I like to set up a workspace on a side of the house that has room to work and easy roof access. Use sawhorses or a portable worktable to make your work easier. You’ll also need a metal-cutting tool like a saber or jig-saw with metal blades, aviation shears or a power shear, and a good portable drill.
3. Check your insurance policy
Get a sturdy, heavy-duty ladder and an assistant. Every year, people fall off their roofs and sustain serious injuries, or die. Make sure that doesn’t happen to you. Don’t work alone, take great care especially on steep roof sections, and make absolutely sure you have a good, sturdy ladder. Never, ever attempt any roof repairs with cheap, wobbly, six-foot ladders—they invite injuries.
4. Get a debris bin delivered
Lots of companies rent large haul-away debris bins, and if you’re tearing off existing shingles you’ll need one. Old shingles are dirty, so wear gloves and a dust mask.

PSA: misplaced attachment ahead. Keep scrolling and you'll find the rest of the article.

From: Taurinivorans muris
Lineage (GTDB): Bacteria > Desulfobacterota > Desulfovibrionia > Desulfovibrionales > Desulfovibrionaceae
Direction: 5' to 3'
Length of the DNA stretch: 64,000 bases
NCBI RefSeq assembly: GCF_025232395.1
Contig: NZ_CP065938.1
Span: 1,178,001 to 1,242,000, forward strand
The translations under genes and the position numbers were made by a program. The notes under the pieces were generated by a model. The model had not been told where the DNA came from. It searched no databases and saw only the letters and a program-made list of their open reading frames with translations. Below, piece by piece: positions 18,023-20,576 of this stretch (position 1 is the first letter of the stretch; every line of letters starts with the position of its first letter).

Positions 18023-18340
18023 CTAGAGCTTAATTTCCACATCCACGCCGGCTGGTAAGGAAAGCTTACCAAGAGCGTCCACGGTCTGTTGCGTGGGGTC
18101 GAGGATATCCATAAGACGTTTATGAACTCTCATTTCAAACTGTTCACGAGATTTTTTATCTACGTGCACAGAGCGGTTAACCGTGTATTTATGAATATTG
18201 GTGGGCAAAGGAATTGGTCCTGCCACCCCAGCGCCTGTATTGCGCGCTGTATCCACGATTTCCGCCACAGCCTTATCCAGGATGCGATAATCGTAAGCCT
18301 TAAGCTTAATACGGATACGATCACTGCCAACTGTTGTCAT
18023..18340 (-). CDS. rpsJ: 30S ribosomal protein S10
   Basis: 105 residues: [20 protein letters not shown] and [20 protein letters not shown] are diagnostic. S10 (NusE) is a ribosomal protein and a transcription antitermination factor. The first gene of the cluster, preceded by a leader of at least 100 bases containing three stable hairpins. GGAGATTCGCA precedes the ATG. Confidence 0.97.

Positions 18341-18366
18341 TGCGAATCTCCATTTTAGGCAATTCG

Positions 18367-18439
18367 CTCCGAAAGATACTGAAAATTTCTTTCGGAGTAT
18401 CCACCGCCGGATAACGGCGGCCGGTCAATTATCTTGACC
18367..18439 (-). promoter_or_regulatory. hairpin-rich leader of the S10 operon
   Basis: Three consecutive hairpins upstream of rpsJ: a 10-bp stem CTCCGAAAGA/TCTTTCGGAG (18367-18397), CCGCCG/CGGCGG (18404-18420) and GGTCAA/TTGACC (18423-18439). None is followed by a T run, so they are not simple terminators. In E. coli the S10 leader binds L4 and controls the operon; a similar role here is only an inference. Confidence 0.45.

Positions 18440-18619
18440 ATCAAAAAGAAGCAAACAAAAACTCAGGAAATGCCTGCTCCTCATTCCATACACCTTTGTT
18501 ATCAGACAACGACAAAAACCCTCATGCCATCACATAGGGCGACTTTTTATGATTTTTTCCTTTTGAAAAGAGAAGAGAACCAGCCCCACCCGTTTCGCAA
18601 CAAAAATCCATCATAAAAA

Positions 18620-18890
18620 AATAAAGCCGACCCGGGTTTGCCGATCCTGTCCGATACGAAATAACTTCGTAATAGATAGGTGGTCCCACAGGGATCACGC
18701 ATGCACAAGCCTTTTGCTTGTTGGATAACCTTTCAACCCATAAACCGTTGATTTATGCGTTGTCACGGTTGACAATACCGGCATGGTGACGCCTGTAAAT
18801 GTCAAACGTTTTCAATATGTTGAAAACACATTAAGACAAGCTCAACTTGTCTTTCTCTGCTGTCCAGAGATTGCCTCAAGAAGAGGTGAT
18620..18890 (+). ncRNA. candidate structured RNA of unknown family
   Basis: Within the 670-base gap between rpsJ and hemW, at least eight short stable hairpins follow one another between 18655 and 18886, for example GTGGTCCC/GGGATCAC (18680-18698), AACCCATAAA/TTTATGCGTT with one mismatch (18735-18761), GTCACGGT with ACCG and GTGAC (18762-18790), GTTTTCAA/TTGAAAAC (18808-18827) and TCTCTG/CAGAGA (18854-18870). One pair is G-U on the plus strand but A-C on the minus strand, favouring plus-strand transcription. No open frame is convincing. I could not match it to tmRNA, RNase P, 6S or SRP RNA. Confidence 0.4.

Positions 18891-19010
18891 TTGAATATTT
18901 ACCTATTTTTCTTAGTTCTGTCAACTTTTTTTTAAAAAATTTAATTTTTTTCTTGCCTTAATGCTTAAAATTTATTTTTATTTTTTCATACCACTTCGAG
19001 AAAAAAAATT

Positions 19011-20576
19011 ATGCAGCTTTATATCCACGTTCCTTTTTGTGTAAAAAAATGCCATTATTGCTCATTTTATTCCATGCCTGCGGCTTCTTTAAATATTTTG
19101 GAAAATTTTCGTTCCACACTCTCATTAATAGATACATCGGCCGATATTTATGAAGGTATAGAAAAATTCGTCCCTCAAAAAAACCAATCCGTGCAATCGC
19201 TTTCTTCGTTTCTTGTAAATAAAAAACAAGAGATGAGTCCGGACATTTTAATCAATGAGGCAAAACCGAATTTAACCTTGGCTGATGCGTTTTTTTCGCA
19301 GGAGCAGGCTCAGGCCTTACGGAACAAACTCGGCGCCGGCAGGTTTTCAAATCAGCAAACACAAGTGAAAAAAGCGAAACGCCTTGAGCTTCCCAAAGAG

5. Rip off that old roofing (on a clear day)
Plan to do your work on a set of days when the weather report has a high level of confidence that it won’t rain. There is nothing worse than trying to re-roof in the rain. Always begin tearing off your old roof at the peak and work your way down. Nail in temporary slats to stand on if your footing feels shaky. Remove every shingle, as well as all the old metal roof flashing. Pull or pound in exposed nails.
6. Repair wood trusses, beams and plywood
Now that you’re down to the wood structure that underlays your roofing material, you’re likely to find some damaged or rotted wood. Don’t ignore it! Now is the time to repair or replace every beam or piece of plywood that looks bad. Be careful where you step! More than one roofer has fallen through a rotted place.
If you have gutters, you may want to give them the attention they need now—any leaking areas or problems can best be fixed at this stage. Some roofers remove gutters before they re-roof, but it’s not usually necessary when re-roofing with metal.